The Puerta del Sol – Gate of the Sun – was originally one of the main gates in the city wall that circled Madrid in the 15th century. As one might suspect, this gate faced east and greeted the rising sun each day.
From the 17th to the 19th century, the area was a popular meeting place for people wanting to hear all the latest news as the Post Office, the first in Spain, was located in the square.
The Post Office was built by the French Architect Jacques Marquet between 1766 and 1768 and became the headquarters of the Ministry of Interior and State Security during the Franco era. It is now the seat of the Presidency of the Madrid Community.
On the front of the building are two plaques, one commemorating the first battle with Napoleonic troops in 1808 and the other in honour of the victims of the March 11th 2004 terrorist attacks on commuter trains.
In front of the former Post Office, on the pavement, is a plaque showing the symbolic centre of Spain, kilómetro cero, and is the base point for the numbering of the road system in the country.
On the eastern side of the square is a statue of a bear and a madrone tree, the heraldic symbol of Madrid.
The bear used to be on the northern side of the square, but was moved in 2009.
At New Year, it is the bells of the church in Puerta del Sol which traditionally sound at midnight and are broadcast ‘live’ throughout the country to start the eating of the 12 grapes. At least this has been the case since December 31st 1962.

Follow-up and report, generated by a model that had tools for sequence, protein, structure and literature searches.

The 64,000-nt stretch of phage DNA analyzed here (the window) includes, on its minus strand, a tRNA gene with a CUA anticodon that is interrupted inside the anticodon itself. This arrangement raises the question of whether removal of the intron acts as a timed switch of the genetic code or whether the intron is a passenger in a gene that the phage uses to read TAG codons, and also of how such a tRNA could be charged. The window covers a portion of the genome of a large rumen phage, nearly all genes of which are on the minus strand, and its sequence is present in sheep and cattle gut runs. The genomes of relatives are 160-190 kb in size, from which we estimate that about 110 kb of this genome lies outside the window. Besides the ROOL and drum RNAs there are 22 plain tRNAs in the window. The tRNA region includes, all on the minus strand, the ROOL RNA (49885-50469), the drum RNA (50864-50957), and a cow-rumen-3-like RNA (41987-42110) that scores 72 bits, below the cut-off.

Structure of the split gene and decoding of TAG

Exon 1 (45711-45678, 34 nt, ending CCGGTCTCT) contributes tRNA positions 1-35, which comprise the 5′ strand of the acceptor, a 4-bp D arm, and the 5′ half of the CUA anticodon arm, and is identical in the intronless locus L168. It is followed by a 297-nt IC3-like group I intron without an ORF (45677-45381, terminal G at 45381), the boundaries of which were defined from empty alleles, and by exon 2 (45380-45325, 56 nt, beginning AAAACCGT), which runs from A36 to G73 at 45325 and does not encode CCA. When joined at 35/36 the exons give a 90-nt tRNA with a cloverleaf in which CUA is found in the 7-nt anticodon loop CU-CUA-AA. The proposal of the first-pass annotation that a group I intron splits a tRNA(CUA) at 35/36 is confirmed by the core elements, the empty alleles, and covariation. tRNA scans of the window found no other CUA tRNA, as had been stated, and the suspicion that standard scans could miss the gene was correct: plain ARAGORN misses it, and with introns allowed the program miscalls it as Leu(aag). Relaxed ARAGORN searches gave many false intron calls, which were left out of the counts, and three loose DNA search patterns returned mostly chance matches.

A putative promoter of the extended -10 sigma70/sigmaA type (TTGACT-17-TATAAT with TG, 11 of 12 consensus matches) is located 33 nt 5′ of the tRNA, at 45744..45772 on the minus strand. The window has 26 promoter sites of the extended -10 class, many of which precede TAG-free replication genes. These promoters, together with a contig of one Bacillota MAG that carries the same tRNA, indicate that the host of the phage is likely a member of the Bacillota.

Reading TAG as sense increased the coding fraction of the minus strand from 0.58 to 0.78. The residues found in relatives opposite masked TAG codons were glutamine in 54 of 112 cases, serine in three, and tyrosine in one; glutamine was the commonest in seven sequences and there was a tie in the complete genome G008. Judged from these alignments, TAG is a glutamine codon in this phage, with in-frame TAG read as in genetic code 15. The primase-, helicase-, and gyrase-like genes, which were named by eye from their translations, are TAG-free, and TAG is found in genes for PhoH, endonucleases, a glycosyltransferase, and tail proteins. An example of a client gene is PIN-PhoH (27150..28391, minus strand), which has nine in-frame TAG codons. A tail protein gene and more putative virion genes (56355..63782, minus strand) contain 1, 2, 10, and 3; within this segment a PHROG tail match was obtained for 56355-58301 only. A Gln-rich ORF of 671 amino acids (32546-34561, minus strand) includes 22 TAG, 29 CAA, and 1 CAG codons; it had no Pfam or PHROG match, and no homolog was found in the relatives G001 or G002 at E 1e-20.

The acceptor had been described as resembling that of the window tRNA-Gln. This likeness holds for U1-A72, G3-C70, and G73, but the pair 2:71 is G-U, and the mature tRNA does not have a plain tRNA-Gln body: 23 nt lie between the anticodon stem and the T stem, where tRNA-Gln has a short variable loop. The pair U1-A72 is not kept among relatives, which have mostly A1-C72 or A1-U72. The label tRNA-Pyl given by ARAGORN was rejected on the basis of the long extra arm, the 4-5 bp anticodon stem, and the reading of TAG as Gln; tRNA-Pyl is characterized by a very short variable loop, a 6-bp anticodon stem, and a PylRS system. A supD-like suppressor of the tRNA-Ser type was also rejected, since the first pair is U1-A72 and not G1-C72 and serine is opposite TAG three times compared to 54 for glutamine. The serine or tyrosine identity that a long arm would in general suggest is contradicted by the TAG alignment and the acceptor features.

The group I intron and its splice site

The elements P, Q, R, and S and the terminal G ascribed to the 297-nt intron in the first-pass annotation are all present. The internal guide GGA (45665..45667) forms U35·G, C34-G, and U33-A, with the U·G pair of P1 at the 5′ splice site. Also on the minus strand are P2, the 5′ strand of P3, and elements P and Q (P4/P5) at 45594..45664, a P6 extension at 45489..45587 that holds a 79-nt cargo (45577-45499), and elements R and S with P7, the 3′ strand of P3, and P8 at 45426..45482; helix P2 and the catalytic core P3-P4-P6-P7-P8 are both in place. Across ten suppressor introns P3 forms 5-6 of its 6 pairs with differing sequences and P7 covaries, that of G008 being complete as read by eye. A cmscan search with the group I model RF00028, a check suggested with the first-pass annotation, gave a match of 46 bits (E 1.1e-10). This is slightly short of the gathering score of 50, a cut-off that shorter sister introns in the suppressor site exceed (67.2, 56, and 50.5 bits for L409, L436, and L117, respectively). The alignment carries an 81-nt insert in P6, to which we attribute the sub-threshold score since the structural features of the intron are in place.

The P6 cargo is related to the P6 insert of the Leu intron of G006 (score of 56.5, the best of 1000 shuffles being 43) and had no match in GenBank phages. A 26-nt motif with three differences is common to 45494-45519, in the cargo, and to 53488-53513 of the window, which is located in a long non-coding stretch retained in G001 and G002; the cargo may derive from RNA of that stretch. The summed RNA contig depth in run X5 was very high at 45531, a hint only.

In the centre of the square is the equestrian statue of King Carlos III (20 January 1716 – 14 December 1788) who ruled Spain and her colonies from 1759 to 1788.
Beneath the square lies a public transport hub served by lines 1, 2 and 3 of the Madrid Metro, a commuter service inaugurated on June 27, 2009. The project was somewhat delayed, by four years, due in part to the discovery of the remains of a church during the excavations.
Puerta del Sol is a lively place, day or night, and street artists of all kinds abound, from living statues to Mariachi bands. It is a fun place just to sit, relax and watch the world scurry by.
Puerta del Sol has also been a focal point for various demonstrations, ranging from protests against the Iraq war to objections to austerity measures. On such occasions, the police presence is quite noticeable.